Symptoms and Signs of Bronchiectasis

Medical Author:
Medically Reviewed on 3/2/2022

Doctor's Notes on Bronchiectasis

Bronchiectasis is a term that describes damage to the walls of the bronchial tubes with loss of the smooth muscle and elasticity of the bronchi. Signs and symptoms of bronchiectasis include the following:

  • increased sputum production,
  • bloody sputum,
  • shortness of breath,
  • wheezing,
  • weakness, and
  • fatigue.

The sputum can be clear, bloody, and/or green or yellow.

Causes of bronchiectasis maybe congenital or acquired. Congenital causes of bronchiectasis may include cystic fibrosis, alpha-1-antitrypsin deficiency, Kartagener syndrome (sinusitis, bronchiectasis, dextrocardia, and infertility), and Young's syndrome (like Kartagener syndrome without dextrocardia). Acquired causes may include the following: recurrent infections, aspiration of foreign bodies, inhaling toxic gases like chlorine or ammonia, alcohol abuse, drug abuse, tuberculosis, and inflammatory bowel diseases (ulcerative colitis, Crohn's disease).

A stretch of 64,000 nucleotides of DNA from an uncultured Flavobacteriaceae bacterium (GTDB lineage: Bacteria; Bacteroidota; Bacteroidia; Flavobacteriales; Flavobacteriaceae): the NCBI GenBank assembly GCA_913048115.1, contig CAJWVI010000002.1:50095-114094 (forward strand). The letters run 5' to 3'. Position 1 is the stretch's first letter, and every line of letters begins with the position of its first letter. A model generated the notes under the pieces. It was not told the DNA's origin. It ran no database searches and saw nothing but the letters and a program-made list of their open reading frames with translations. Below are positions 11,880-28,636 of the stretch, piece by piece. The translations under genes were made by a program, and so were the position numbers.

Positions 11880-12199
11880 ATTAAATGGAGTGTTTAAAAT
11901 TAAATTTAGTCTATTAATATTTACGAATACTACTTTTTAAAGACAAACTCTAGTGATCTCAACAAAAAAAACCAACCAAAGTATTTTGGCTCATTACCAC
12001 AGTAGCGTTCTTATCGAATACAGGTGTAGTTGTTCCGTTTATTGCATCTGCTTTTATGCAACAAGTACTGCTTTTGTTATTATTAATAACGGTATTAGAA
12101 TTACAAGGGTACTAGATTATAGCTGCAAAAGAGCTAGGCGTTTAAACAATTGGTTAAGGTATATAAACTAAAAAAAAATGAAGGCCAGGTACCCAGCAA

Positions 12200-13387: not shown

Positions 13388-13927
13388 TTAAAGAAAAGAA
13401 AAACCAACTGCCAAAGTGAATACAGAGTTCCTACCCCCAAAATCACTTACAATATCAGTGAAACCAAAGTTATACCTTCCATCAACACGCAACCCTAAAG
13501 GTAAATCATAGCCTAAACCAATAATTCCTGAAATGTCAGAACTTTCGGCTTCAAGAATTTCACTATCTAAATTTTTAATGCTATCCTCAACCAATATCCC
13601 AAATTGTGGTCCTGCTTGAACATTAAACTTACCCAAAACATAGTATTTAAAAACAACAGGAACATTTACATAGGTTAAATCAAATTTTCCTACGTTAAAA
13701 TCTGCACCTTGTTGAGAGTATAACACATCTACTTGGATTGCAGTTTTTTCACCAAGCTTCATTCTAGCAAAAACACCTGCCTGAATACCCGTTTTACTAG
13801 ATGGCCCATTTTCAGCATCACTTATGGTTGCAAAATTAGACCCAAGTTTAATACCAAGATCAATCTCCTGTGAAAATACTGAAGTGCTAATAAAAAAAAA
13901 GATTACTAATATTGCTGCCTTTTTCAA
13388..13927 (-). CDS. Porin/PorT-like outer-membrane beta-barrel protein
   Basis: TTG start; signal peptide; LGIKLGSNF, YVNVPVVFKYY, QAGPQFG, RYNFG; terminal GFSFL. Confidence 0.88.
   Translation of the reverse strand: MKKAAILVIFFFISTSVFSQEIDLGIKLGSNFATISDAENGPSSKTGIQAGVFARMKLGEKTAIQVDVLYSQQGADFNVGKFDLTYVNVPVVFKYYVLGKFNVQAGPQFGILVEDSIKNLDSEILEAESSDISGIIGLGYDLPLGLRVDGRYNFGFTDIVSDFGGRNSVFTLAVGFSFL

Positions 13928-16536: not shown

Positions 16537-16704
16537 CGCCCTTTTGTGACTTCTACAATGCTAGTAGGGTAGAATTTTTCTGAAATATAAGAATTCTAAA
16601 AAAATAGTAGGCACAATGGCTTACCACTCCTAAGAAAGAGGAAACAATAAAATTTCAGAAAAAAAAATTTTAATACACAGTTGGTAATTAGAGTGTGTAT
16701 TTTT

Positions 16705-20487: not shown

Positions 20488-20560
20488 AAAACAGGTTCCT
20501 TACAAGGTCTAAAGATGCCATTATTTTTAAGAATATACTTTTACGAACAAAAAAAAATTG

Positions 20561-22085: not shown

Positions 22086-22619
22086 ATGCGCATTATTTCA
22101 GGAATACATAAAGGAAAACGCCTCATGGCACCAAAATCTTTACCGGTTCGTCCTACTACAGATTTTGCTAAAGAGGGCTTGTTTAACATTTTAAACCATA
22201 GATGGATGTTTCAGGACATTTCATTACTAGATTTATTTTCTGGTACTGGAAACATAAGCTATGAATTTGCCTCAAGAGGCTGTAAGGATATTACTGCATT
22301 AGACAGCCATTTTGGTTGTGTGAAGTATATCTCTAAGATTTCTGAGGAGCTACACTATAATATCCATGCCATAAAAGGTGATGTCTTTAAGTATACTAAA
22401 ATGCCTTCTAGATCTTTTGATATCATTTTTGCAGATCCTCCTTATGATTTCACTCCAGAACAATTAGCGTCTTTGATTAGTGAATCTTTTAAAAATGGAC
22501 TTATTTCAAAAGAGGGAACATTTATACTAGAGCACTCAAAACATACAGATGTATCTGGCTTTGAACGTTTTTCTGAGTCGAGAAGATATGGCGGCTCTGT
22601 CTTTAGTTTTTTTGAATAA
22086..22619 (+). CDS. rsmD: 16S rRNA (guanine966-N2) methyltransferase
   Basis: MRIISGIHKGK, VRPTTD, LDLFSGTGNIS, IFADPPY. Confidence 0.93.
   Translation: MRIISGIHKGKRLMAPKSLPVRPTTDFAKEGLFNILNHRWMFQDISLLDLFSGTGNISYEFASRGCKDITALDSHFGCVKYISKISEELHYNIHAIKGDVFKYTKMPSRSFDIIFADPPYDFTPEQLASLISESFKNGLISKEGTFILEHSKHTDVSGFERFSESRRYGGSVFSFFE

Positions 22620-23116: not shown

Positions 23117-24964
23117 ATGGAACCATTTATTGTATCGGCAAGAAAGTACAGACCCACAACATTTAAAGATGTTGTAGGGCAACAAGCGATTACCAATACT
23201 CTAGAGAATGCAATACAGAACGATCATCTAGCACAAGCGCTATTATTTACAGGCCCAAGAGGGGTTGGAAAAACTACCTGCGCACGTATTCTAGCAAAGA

What Are the Treatments for Bronchiectasis?

Treatment goals for bronchiectasis is to prevent infections and/or recurring symptom development. Treatments include the following:

  • Oxygen therapy
  • Antibiotics: oral or IV
  • Mucus thinning (medicine delivered through a nebulizer)
  • Airway clearance devices (breaks up lung mucus and helps the person to drain out obstructive mucus)
    • Oscillating positive expiratory pressure
    • Interpulmonary percussive ventilation
    • Postural drainage
    • Chest physical therapy
    • Surgery: removal of obstructed section of lung

Your doctor can design a treatment plan for your individual situation.

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REFERENCE:

Kasper, D.L., et al., eds. Harrison's Principles of Internal Medicine, 19th Ed. United States: McGraw-Hill Education, 2015.